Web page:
First, let's talk a bit about what Camus means when he refers to Sisyphus as the "absurd hero." What makes Sisyphus absurd is his consciousness; his intelligence got him into trouble with the gods (as he arrogantly scorned them, besting Thanatos and denying Hades his due souls), but his consciousness...
First, let's talk a bit about what Camus means when he refers to Sisyphus as the "absurd hero." What makes Sisyphus absurd is his consciousness; his intelligence got him into trouble with the gods (as he arrogantly scorned them, besting Thanatos and denying Hades his due souls), but his consciousness is also the key to making his eternal torture in the Underworld bearable. The gods can ultimately force Sisyphus to do a certain task (pushing the boulder up the hill each day and watching it roll back down each night), but they cannot control his thoughts. In a futile universe, Sisyphus can convince himself (as we all must) that his task has meaning. As Camus writes, "The struggle itself toward the heights is enough to fill a man's heart. One must imagine Sisyphus happy."
One fictional character who could be called an absurd hero is Jay Gatsby, the titular character of F. Scott Fitzgerald’s The Great Gatsby. Gatsby has worked so hard in order to earn the fortune that he believes will help him win back Daisy. When he could not earn his money legally, he turned to bootlegging (the illegal distribution and sale of alcohol during the Prohibition Era in the U.S.). The American Dream, the idea that anyone can prosper (lawfully) as a result of hard work and determination, is revealed to be false. Gatsby can only prosper when he turns to criminal activity, but this doesn’t seem to bother him at all. He can only focus on his hope, with his "heightened sensitivity to the promises of life." Despite Gatsby’s ability to keep dreaming despite whatever hurdles are thrown into his path, he is "preyed on" by others and his dreams are dirtied by the "foul dust [that] floated in [their] wake." His dream is futile—he cannot beat the system, although he keeps trying. He doesn’t even realize the futility, hoping until the last that "Daisy’ll call."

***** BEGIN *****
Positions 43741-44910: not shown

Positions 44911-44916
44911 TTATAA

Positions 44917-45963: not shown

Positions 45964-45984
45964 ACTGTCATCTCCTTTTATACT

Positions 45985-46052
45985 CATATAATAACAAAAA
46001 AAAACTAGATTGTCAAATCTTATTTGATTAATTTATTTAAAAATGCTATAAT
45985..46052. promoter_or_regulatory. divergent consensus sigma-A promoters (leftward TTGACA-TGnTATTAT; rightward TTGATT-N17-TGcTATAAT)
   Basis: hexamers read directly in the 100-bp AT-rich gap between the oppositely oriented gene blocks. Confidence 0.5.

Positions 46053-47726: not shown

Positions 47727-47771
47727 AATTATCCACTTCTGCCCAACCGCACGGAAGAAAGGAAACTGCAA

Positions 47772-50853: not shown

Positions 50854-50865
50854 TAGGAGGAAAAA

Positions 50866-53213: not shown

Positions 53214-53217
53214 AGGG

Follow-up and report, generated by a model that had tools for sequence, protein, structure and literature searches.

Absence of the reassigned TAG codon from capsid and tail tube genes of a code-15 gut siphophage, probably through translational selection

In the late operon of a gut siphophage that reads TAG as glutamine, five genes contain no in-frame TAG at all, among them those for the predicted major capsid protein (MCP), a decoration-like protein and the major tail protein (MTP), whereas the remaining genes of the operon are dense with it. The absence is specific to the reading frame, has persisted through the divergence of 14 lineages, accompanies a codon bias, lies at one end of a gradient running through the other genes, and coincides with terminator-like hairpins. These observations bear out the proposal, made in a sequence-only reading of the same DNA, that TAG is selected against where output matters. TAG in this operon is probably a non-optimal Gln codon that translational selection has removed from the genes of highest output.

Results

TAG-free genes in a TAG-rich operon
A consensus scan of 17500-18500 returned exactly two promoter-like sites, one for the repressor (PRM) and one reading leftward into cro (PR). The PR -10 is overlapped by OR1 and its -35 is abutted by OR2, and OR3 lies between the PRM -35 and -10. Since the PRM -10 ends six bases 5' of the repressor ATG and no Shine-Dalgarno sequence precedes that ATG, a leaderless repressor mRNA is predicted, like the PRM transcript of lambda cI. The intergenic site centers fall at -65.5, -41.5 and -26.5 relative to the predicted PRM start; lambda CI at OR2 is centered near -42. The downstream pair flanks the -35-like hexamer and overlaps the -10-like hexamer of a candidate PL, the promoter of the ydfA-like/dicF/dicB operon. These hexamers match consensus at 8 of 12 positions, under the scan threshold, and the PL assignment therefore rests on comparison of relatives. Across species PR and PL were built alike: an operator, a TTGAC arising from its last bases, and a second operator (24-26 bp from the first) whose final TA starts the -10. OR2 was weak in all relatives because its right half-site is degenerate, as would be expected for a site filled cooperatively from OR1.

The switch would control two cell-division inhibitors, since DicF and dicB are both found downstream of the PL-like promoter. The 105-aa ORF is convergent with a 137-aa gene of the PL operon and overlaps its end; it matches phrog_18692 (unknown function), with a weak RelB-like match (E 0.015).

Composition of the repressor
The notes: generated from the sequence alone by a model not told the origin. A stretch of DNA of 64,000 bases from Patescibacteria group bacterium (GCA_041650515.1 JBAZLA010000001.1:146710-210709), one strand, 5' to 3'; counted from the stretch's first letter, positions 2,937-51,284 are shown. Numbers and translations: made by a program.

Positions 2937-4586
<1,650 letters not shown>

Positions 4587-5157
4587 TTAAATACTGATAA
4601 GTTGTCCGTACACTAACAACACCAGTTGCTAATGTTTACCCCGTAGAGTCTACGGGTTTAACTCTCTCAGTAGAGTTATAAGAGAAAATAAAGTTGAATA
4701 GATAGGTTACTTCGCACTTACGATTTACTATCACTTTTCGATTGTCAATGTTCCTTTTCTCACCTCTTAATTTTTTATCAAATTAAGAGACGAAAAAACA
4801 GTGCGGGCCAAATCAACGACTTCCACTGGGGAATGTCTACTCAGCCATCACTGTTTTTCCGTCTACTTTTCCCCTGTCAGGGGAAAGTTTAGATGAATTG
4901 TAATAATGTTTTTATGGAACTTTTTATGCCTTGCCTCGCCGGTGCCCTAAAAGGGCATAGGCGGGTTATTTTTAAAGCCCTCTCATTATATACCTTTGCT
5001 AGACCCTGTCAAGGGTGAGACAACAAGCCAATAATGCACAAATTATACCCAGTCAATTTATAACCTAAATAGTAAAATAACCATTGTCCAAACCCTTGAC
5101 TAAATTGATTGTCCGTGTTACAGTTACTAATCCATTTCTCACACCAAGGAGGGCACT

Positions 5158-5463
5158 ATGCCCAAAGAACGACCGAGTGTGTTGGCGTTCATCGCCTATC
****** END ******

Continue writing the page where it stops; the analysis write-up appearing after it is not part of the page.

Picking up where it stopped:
One real-life person we might call an absurd hero is Al Gore. For a long time, he has been concerned about climate change, and he’s tried very hard to draw attention to the problem and prompt change in the way we treat the environment so we don’t push it past the brink of saving. Despite Gore's data, facts, and statistics and the fact that the brink is edging closer, people continue to ignore his warnings. Nonetheless, he keeps trying. He is absurd because, despite the seeming futility of his speeches, he keeps giving them. He maintains the belief that we might listen and change, even though we don’t make the kind of strides necessary to reverse the damage we’ve already done to the environment or minimize it in the future.